5 Things to Know About the Sickle Cell Disease - Pathway Genomics
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5 Things to Know About the Sickle Cell Disease

Sickle cell is an inherited disorder that leads to an abnormal shaping of the red blood cells. These abnormal red blood cells get stuck inside the blood vessels which makes it difficult to deliver oxygen to all parts of the body. Sickle cell disease can cause severe pain and can also lead to infection which can cause complications like stroke and organ damage.

Here are 5 things you should know about the sickle cell disease

1. The Occurrence

Sickle cell disease is the most commonly occurring genetic disorder in the US. There are about a hundred thousand Americans who are living with this disease currently and another thousand babies are born with the disease each year. The disease is much more common than people know. Sickle cell disease is found to affect about 500,000 babies per year in the world.

2. It is a Genetic Disease and NOT Contagious

Sickle cell disease is hereditary. It is passed on from the parents to children. Both parents must carry the dominant sickle cell trait to pass the disease to their children. There is a risk of 25% of having this disease if both the parents have the trait.

3. It is Chronic but Treatable

With the advancements in science, medicine and technology, the outlook for patients with sickle cell disease has become better. Previously, most of the children died in the early years of their lives and rarely lived to see adulthood. There are new therapies and treatments available now which has led the people with sickle cell disease lead a very productive life. People with the sickle cell disease are now living into their 40s and 50s.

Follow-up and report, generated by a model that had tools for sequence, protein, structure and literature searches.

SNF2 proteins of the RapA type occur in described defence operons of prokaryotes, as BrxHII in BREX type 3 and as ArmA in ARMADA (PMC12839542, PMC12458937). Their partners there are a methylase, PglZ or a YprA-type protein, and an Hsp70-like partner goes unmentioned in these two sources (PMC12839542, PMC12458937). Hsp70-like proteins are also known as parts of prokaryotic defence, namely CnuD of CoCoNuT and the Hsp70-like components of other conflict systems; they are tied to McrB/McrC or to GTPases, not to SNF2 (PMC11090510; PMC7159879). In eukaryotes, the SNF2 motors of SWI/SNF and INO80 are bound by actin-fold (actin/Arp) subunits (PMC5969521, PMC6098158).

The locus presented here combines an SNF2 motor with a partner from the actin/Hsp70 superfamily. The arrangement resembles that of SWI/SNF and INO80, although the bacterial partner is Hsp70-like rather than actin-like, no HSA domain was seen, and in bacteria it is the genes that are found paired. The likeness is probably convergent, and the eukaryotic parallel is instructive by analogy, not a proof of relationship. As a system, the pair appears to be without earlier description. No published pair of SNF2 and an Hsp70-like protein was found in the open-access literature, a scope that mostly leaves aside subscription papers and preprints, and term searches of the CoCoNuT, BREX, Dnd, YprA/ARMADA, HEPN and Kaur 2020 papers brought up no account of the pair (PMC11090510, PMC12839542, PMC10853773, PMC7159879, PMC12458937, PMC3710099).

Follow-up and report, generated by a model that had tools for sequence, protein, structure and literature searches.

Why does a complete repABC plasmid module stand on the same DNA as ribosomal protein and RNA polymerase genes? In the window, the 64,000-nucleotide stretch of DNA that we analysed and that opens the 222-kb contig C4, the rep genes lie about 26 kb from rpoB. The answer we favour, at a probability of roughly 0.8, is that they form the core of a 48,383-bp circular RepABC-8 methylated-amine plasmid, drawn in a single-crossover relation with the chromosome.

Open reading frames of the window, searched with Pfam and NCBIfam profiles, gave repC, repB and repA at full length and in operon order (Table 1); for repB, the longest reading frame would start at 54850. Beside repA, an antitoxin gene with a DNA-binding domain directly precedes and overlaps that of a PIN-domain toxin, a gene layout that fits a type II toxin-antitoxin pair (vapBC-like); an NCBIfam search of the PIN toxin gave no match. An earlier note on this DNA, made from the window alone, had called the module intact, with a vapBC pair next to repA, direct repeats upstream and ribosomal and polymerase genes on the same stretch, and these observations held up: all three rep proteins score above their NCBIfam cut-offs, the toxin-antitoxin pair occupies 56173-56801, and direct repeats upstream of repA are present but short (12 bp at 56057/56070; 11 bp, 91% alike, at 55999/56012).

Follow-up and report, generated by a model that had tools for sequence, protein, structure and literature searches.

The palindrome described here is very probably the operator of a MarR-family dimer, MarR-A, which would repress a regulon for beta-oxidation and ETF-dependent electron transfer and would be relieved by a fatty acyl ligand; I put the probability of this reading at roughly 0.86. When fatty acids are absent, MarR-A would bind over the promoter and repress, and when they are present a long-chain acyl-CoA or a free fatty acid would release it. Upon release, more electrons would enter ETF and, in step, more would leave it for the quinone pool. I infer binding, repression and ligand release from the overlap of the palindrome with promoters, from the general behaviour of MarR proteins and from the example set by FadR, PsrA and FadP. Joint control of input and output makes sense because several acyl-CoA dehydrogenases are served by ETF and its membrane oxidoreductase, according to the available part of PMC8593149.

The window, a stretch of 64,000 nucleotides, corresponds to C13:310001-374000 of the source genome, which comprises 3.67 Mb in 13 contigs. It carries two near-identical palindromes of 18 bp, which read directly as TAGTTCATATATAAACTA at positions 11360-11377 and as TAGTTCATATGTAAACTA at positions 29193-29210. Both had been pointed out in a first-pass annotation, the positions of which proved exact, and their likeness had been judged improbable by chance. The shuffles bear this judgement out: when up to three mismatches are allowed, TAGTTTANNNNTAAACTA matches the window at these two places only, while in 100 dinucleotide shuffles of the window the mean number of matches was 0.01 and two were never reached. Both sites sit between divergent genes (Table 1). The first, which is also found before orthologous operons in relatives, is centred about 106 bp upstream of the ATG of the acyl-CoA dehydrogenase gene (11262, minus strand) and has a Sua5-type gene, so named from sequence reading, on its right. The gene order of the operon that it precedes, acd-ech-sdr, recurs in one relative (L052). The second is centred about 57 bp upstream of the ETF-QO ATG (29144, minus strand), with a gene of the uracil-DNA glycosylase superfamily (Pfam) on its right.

4. It Affects Different Races

A common notion is that sickle cell is a disease of the people of color. About 60-80% of the affected individuals are African-Americans, however, other races are affected by the disease as well. Sickle cell disease is also common among people with Mediterranean, Hispanic, Middle Eastern and Indian heritage.

5. Having Sickle Cell Disease Patients Require Comprehensive Care

Sickle cell is a chronic illness. It affects many systems of the body at the same time. Therefore, it is essential that the people affected with the disease have a comprehensive care system that includes hematologists, primary care physicians, social worker and pediatricians. With a team of experts working closely with one another, the chances of leading a better life increase for the people affected with the sickle cell disease.

Sickle cell disease is a chronic illness that affects a number of systems in your body. It makes the red blood cells lose their disc shape and take the shape of a C. Since the red blood cells are not able to do their function properly, the supply of oxygen to all parts of the body gets affected and leads to abnormalities. It is a dangerous disease and causes anemia, severe pain and a number of other painful and serious conditions.